J Anesth Perioper Med. 2018;6(1):34-40. https://doi.org/10.24015/ebcmed.japm.2018.0010

Perioperative Use of Benzodiazepines: A Reconsideration of Risks and Benefits

Yanzi Zhang1, Yidan Tang1, Jing Yang1, Chunyu Gong2, and Zhuo Li3

From the 1Department of Anesthesiology and Translational Neuroscience Center, West China Hospital, 2Department of Surgery, NO. 4 West China Teaching Hospital, Sichuan University, Chengdu, China; 3Department of Pharmacy, Shaanxi Provincial People's Hospital, Xi'an, China.

Correspondence to Dr. Jing Yang at hxyangjing@qq.com.

EBCMED ID: ebcmed.japm.2018.0010 DOI: 10.24015/ebcmed.japm.2018.0010


Aim of review
Reconsideration of Benzodiazepines (BZDs) after many years’ widespread use, for development of recent new similar drugs and consideration about increased delirium with BZDs.

A comprehensive search in OVID MEDLINE, EMBASE and PubMed were performed from inception to Jan 31, 2016, the studies which involved pharmacological characteristics of BZDs and comparison among BZDs, placebo and some similar new drugs used for sedation and antianxiety in the perioperative period were included.

Recent findings
Routine use of BZDs as a sedative and antianxiety premedication is lack of benefits. BZDs did not improve the self- reported patient experience the day after surgery, but was associated with a lower rate of early cognitive recovery. Large numbers of using of other sedation drugs such as Propofol or Dexmedetomidine are replacing the using of BZDs for postoperative sedation. BZDs are important anesthesia- related predictors of postoperative delirium. Compared with those new drugs in sedation and anti-anxiety, BZDs has gradually lost its market.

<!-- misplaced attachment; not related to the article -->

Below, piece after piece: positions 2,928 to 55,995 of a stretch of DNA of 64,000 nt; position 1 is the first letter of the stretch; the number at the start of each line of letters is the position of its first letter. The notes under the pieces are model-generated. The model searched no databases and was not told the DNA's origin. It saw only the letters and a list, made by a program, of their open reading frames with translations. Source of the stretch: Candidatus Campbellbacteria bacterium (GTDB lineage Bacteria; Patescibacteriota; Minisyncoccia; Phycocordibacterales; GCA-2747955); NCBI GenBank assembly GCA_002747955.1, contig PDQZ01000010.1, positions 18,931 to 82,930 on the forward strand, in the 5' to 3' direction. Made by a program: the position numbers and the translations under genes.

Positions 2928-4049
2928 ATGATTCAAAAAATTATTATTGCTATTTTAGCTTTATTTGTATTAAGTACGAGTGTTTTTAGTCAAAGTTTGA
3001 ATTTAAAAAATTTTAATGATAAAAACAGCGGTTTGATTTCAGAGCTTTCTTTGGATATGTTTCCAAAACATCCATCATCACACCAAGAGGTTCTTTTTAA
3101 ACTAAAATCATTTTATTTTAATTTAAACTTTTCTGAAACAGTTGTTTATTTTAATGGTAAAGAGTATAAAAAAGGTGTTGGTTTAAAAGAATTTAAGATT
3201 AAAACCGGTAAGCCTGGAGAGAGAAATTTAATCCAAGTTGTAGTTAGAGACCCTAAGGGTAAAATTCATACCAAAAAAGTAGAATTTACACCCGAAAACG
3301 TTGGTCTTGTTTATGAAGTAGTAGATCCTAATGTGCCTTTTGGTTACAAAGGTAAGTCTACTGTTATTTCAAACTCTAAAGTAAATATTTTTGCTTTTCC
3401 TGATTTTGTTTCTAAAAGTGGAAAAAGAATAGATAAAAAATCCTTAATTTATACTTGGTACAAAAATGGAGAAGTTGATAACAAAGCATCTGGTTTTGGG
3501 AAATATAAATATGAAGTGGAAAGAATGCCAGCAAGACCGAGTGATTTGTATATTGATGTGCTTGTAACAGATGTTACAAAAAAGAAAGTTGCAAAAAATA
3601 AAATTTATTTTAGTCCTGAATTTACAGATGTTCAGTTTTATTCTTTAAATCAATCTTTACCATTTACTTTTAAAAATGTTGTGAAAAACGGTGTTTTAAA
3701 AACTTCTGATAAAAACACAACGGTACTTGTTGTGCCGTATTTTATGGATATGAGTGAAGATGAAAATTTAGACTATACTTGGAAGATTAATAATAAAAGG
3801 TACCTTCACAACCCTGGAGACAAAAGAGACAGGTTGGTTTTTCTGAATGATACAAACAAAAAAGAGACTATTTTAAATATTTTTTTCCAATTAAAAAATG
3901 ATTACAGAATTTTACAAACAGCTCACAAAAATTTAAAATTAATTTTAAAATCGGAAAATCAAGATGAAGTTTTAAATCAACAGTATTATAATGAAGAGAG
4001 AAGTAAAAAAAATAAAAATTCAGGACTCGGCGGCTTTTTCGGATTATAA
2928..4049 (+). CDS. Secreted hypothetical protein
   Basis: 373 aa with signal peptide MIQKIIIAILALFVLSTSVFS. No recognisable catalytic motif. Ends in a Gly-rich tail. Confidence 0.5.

As the developing of anesthesia monitoring technique and more beneficial pharmaceutical, the perioperative application of BZDs should be used with caution. (Funded by the National Natural Science Foundation of China.)

Article Type
Review Article

Declaration of Interests
The author declares no conflicts of interest.

This work was supported by a grant (81271201) from the National Natural Science Foundation of China.

This is an open-access article, published by Evidence Based Communications (EBC). This work is licensed under the Creative Commons Attribution 4.0 International License, which permits unrestricted use, distribution, and reproduction in any medium or format for any lawful purpose. To view a copy of this license, visit http://creativecommons.org/licenses/by/4.0/.